They should make you get a passport to cross the Mason-Dixon Line.
Lucky for me, I already have a passport. But I suppose its requirement might have given me some kind of clue as to how different of a place I was entering when I left those kind, Tennessee hills.
And on top of that-- this whole divinity school thing... it is its own world entirely. The halls chatter with words of ethical, theological, and diocese-ical language that lots of normal human beings would squirm at the thought of. And yet here, in this place, it is our normal.
I've learned a lot in these last few months. I've learned about ways of thinking, ways of knowing, ways of being...that have my opened my heart and mind to a whole new world. A world in which I feel honored to participate.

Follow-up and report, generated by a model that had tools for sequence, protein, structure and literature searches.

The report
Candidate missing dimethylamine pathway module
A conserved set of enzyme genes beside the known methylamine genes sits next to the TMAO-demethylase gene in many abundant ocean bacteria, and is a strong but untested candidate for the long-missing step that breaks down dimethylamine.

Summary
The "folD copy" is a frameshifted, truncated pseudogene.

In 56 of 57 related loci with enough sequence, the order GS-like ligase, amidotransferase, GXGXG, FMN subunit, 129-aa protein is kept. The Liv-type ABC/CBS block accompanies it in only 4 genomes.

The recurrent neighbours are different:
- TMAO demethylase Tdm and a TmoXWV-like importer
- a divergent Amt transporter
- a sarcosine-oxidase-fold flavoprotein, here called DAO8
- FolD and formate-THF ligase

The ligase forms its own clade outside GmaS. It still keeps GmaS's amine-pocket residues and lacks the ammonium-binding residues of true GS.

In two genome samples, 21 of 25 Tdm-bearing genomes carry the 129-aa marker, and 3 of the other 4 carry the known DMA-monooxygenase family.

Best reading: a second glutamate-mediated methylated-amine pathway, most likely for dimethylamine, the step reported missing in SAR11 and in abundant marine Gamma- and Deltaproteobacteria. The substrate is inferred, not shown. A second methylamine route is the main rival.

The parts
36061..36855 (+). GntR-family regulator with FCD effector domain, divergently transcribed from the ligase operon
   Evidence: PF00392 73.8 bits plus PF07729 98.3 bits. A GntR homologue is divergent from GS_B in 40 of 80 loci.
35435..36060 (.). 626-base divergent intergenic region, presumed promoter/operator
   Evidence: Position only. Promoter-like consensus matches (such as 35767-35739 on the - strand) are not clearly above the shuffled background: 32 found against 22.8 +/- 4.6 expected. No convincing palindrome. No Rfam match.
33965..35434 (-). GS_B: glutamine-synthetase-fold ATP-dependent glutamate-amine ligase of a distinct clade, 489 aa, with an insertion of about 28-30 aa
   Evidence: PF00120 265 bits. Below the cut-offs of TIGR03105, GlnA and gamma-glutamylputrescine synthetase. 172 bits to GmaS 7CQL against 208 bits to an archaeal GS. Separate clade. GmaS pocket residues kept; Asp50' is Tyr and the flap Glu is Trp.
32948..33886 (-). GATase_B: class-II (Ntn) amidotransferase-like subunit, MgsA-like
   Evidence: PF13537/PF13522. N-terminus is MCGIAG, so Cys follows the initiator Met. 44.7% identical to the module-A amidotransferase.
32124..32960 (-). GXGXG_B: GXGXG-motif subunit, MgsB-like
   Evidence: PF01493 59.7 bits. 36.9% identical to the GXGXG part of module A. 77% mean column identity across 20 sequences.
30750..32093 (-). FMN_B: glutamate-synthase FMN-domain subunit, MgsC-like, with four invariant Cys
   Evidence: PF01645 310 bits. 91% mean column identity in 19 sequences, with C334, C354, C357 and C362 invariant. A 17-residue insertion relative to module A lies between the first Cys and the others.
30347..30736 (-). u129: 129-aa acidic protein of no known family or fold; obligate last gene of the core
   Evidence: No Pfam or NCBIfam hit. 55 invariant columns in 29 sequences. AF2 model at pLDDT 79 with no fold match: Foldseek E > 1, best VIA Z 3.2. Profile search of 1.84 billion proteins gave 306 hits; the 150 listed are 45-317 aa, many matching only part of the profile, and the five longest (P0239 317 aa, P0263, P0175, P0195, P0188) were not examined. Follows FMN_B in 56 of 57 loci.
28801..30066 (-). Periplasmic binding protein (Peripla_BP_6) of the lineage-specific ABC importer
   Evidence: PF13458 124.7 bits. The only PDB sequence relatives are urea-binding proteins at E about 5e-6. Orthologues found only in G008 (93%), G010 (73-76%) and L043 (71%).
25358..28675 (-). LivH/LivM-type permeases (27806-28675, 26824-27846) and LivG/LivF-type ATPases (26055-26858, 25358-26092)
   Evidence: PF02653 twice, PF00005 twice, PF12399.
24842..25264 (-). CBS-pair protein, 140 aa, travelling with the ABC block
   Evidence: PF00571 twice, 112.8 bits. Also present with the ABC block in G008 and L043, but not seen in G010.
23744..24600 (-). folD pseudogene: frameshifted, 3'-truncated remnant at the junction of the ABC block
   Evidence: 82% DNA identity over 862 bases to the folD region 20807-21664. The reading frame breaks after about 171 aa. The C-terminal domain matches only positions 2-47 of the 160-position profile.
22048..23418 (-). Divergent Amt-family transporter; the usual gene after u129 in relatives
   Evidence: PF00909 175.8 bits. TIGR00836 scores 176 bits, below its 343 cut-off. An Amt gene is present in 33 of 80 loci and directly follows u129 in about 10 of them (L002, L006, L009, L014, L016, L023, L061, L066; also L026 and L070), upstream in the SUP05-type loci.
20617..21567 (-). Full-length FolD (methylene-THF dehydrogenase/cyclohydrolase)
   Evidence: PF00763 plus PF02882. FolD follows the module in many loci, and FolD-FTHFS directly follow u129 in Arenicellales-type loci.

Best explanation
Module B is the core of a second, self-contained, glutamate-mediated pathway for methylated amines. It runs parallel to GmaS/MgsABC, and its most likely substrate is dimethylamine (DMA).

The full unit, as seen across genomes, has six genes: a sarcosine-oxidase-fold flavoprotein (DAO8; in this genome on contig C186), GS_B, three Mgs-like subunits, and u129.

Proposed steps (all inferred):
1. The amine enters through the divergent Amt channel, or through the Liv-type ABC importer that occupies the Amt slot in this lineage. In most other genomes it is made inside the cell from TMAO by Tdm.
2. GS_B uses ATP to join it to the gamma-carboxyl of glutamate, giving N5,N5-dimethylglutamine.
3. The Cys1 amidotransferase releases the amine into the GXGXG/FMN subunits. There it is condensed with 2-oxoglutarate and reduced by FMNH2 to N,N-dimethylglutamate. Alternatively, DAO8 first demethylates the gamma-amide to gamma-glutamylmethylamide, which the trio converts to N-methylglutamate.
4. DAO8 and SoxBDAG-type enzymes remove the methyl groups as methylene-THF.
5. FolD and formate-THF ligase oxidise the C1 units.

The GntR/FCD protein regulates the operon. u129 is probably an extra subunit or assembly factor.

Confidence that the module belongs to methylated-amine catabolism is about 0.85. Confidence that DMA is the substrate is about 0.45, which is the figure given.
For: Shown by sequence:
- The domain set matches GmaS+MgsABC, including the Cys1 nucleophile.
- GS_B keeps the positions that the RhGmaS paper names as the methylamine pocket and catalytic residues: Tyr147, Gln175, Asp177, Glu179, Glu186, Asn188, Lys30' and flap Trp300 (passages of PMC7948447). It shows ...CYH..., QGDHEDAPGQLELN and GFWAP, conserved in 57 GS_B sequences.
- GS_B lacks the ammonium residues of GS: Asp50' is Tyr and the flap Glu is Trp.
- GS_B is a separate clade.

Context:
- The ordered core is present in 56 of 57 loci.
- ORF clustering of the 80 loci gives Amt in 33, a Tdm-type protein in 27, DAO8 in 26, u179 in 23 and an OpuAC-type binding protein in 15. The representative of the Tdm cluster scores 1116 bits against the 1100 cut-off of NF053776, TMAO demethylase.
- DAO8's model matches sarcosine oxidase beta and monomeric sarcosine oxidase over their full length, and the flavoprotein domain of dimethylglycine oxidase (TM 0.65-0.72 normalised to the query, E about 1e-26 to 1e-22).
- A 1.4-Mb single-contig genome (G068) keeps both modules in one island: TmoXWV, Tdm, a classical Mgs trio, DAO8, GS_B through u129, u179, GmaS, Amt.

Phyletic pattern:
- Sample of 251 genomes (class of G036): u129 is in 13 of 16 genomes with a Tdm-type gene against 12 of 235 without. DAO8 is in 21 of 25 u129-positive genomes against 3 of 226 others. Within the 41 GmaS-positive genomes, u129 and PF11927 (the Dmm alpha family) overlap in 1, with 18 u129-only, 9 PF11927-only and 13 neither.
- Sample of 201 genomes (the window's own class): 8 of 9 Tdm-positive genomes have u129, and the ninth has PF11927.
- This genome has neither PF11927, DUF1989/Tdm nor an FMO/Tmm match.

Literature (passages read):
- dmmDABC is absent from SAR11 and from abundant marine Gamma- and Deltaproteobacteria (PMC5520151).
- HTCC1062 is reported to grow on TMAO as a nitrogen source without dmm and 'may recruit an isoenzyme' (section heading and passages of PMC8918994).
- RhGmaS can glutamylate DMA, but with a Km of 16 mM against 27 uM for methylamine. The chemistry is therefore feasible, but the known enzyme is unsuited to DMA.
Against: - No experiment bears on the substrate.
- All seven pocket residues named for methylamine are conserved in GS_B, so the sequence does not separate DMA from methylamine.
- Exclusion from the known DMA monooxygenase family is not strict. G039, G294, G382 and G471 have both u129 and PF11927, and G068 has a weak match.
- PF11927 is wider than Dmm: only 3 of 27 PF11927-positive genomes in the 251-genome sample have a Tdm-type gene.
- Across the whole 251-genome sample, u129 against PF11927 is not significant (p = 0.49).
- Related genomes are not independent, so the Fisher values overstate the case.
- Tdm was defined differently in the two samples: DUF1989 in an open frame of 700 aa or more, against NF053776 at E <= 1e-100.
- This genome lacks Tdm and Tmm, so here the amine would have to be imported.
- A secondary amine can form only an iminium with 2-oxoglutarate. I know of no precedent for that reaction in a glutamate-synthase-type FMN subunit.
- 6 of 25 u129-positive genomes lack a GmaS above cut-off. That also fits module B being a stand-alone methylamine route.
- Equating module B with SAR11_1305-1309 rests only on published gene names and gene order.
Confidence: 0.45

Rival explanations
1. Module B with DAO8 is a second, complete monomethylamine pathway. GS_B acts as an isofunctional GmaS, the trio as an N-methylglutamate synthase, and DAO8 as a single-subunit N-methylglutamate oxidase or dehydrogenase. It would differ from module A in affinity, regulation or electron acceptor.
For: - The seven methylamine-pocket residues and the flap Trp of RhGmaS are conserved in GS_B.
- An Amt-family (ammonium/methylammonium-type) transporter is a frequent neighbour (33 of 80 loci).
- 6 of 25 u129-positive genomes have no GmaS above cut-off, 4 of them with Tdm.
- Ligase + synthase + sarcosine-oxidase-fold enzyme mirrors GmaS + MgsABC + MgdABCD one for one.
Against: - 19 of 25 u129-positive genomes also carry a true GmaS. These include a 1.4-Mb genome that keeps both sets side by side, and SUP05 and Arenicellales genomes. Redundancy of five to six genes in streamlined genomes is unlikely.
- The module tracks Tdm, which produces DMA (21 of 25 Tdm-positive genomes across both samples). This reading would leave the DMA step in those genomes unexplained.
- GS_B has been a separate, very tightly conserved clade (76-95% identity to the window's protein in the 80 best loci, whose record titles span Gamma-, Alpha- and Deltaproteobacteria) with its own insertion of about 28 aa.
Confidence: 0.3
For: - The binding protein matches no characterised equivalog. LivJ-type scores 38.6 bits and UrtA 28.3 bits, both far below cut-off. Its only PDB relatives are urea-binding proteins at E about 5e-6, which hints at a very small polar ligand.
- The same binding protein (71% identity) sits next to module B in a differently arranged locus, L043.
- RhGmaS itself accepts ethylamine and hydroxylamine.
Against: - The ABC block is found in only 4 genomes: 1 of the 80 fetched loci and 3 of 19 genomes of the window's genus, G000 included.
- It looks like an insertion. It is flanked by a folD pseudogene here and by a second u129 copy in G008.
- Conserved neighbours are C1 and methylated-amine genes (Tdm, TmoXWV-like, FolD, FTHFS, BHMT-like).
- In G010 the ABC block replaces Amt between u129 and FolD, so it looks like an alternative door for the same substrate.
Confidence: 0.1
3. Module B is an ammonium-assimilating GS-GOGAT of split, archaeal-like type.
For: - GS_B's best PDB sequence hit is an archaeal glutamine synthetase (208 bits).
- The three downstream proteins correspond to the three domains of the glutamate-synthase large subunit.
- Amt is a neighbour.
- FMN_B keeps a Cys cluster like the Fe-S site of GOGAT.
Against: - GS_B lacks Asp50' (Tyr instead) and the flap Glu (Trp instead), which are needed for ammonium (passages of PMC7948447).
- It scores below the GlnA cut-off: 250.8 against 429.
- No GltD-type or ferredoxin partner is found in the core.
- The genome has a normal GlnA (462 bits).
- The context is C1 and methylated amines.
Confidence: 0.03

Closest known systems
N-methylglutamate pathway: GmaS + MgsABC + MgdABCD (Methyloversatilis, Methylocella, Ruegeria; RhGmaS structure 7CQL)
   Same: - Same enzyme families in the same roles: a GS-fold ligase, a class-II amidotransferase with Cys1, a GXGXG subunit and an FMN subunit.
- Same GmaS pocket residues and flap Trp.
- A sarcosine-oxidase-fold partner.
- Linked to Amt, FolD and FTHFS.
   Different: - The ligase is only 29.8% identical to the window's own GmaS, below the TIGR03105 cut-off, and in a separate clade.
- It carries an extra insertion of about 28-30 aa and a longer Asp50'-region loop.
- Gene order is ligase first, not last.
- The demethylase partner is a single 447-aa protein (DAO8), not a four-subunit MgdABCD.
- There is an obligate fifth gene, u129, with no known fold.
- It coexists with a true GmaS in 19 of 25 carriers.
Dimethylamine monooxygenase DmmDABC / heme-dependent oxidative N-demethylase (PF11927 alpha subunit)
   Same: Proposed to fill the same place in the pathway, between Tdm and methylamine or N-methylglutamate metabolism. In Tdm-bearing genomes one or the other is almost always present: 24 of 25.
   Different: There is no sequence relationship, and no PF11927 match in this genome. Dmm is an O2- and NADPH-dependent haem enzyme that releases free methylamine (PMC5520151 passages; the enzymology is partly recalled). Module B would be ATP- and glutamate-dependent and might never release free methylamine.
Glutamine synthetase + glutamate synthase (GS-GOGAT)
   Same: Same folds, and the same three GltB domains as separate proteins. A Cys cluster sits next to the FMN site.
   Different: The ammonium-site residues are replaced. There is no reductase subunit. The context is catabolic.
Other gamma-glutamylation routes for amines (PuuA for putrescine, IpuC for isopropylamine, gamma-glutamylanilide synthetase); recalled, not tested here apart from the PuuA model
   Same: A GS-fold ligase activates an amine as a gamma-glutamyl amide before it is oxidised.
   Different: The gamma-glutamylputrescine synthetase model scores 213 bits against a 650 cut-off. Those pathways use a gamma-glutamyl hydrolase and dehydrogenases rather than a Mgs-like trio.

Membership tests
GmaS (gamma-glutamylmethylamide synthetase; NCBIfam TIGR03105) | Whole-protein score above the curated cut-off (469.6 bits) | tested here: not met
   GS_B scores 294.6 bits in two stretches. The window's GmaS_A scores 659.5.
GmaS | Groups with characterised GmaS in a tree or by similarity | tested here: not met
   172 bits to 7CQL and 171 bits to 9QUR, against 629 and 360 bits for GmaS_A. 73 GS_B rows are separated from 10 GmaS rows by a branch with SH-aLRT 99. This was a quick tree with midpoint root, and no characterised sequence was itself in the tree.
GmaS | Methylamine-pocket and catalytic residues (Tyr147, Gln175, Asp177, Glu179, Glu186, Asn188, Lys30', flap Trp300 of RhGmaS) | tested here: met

I've also learned a lot about church. The loquacious halls of Yale have certainly spoken a lot of it. What it is, how it looks, what is included, what is excluded, what about it matters. And we certainly participate. Chapel five days a week, Eucharist on Wednesday nights, Sunday mornings, prayer groups... on and on. But as much as I like talking about the church and doing church within these walls... you know what I really love?
I love the other kind of church.
The kind of church that happens in ordinary things. with ordinary people. in ordinary places.
...in conversations with new friends over hazelnut coffee at brunch,
...In a quiet walk home through misty fog at dusk,
...In the way the light shines through the kitchen window while eating a fresh orange.
...In the words, "in the end, we're gonna win this."
This is the kind of church that I know best. Encounters with the divine through the ordinary. The kind of holiness that I can touch. And hug.
Dear God, may I never forget it.
What ordinary things do you find holy?